UAI 2004 Invited Talks


Cascading Behavior and Bursty Dynamics in Computational Models of Social Networks



Jon Kleinberg

Department of Computer Science

Cornell University

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Probabilistic models for the processes by which ideas and influence propagate through a social network have been studied in a number of domains, including the diffusion of scientific and technological innovations, the sudden and widespread adoption of various strategies in game-theoretic settings, and the effects of ``word of mouth'' in the promotion of new products. Emerging on-line media such as Weblogs offer a compelling new setting in which to study such phenomena, since they are characterized by frequent ``topic bursts'' in which a virtual discussion spreads rapidly through the network of individuals who author on-line content.

A natural way to identify highly influential individuals in such network settings is to look for collections of nodes with the power to trigger large outbreaks of cascading behavior. In other words, if we can try to convince a subset of individuals to adopt a new behavior (e.g. to try a new product or take part in an on-line discussion), and the goal is to cause a large cascade of further adoptions, which set of individuals should we target?

In this talk, we will consider such problems in several of the most widely studied models in social network analysis, and describe algorithms (obtained in joint work with David Kempe and Eva Tardos) with provable approximation guarantees for the problem of selecting the most influential set of nodes. The development of these algorithms indicates how influential sets must include members from diverse parts of the network, forcing heuristics for this problem to deal, at least implicitly, with the clustering of the underlying population. We conclude by discussing the intriguing relationship between models of influence propagation and the problem of identifying ``bursty'' topics, which is emerging as an important issue for searching on-line information resources.



What is the matter? Explorations in text categorization



Lillian Lee

Department of Computer Science

Cornell University

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Human language is rife with ambiguity, both intentional and unwitting, which means that systems for analyzing human-authored documents must reason under uncertainty as a matter of course. Even the presumably easier problem of text categorization, construed broadly to refer to the grouping of documents that are somehow similar in content, remains a challenge. Nonetheless, this talk will discuss work on two text-categorization problems in which new algorithms lacking access to prior linguistic knowledge perform surprisingly well.

We first present Iterative Residual Rescaling, a subspace-projection method that generalizes and empirically outperforms Latent Semantic Indexing (LSI) in representing inter-document topic-based similarity measurements. The new algorithm is motivated by analysis employing matrix perturbation theory that reveals a precise relationship between LSI's performance and the uniformity of the document set's underlying topic distribution.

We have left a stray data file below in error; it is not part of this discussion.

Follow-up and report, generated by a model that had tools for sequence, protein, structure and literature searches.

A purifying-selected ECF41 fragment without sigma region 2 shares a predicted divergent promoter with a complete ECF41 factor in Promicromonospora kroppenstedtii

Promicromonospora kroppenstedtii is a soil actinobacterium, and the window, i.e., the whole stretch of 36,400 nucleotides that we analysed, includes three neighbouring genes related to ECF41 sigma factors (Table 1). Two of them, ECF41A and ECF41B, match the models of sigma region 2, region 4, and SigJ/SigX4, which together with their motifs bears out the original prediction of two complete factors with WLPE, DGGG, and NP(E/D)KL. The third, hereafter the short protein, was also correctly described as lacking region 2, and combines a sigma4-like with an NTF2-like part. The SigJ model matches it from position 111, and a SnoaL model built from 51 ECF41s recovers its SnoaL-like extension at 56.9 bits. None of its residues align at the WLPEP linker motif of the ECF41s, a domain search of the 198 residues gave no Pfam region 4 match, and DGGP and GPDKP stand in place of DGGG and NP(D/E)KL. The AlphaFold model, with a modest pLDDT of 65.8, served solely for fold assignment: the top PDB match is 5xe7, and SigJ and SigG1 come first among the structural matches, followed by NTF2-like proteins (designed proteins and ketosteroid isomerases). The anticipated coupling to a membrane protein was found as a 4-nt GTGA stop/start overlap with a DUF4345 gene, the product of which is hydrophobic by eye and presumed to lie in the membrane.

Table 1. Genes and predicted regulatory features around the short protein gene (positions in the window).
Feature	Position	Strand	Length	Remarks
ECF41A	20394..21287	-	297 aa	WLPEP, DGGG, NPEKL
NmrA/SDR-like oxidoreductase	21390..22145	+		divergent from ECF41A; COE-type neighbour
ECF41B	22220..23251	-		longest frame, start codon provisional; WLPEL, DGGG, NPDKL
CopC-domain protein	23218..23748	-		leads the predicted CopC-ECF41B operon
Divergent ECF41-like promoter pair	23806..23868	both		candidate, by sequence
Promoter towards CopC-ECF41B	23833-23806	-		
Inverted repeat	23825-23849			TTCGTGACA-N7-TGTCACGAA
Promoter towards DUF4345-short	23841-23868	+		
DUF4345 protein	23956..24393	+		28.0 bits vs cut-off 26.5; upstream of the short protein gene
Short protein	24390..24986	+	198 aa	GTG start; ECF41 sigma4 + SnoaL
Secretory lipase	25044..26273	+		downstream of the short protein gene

We then address a different problem that has attracted a great deal of attention recently: that of sentiment classification, an example of which is determining whether a movie review is "thumbs up" or "thumbs down". We demonstrate that new techniques based on finding minimum cuts in graphs yield state-of-the-art results.

Joint work with Rie Kubota Ando and with Bo Pang.



Good-Turing estimation and its applications



Alon Orlitsky

Departments of ECE and CSE

University of California at San Diego

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While deciphering the Enigma Code during World War II, I.J. Good and A.M. Turing derived a surprising and unintuitive formula for estimating a probability distribution from a sample of data. The eponymous Good-Turing Estimator has since been used in a variety of applications and studied by a number of researchers. We define a simple measure for the performance of an estimator and use it to show that the Good-Turing estimator is good but not optimal and to derive an asymptotically optimal estimator. We outline three applications of such estimators.

Joint work with N.P. Santhanam, K. Viswanathan and J. Zhang.

Markov Processes and Markov Decision Processes: The Verification Perspective


Moshe Y. Vardi

Department of Computer Science

Rice University

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In property-based verification one uses algorithmic techniques to establish the correctness of the design with respect to a given property. The verification technique of model checking is based on a small number of key algorithmic ideas, tying together graph theory, automata theory, and logic. In the past 20 years, model checking has been applied successfully to the analysis of protocols and circuits, increasingly becoming a standard industrial practice. In this talk I will describe how model checking can be adapted to Markov Processes and Markov Decision Processes, offering a property-based approach to the analysis of these models.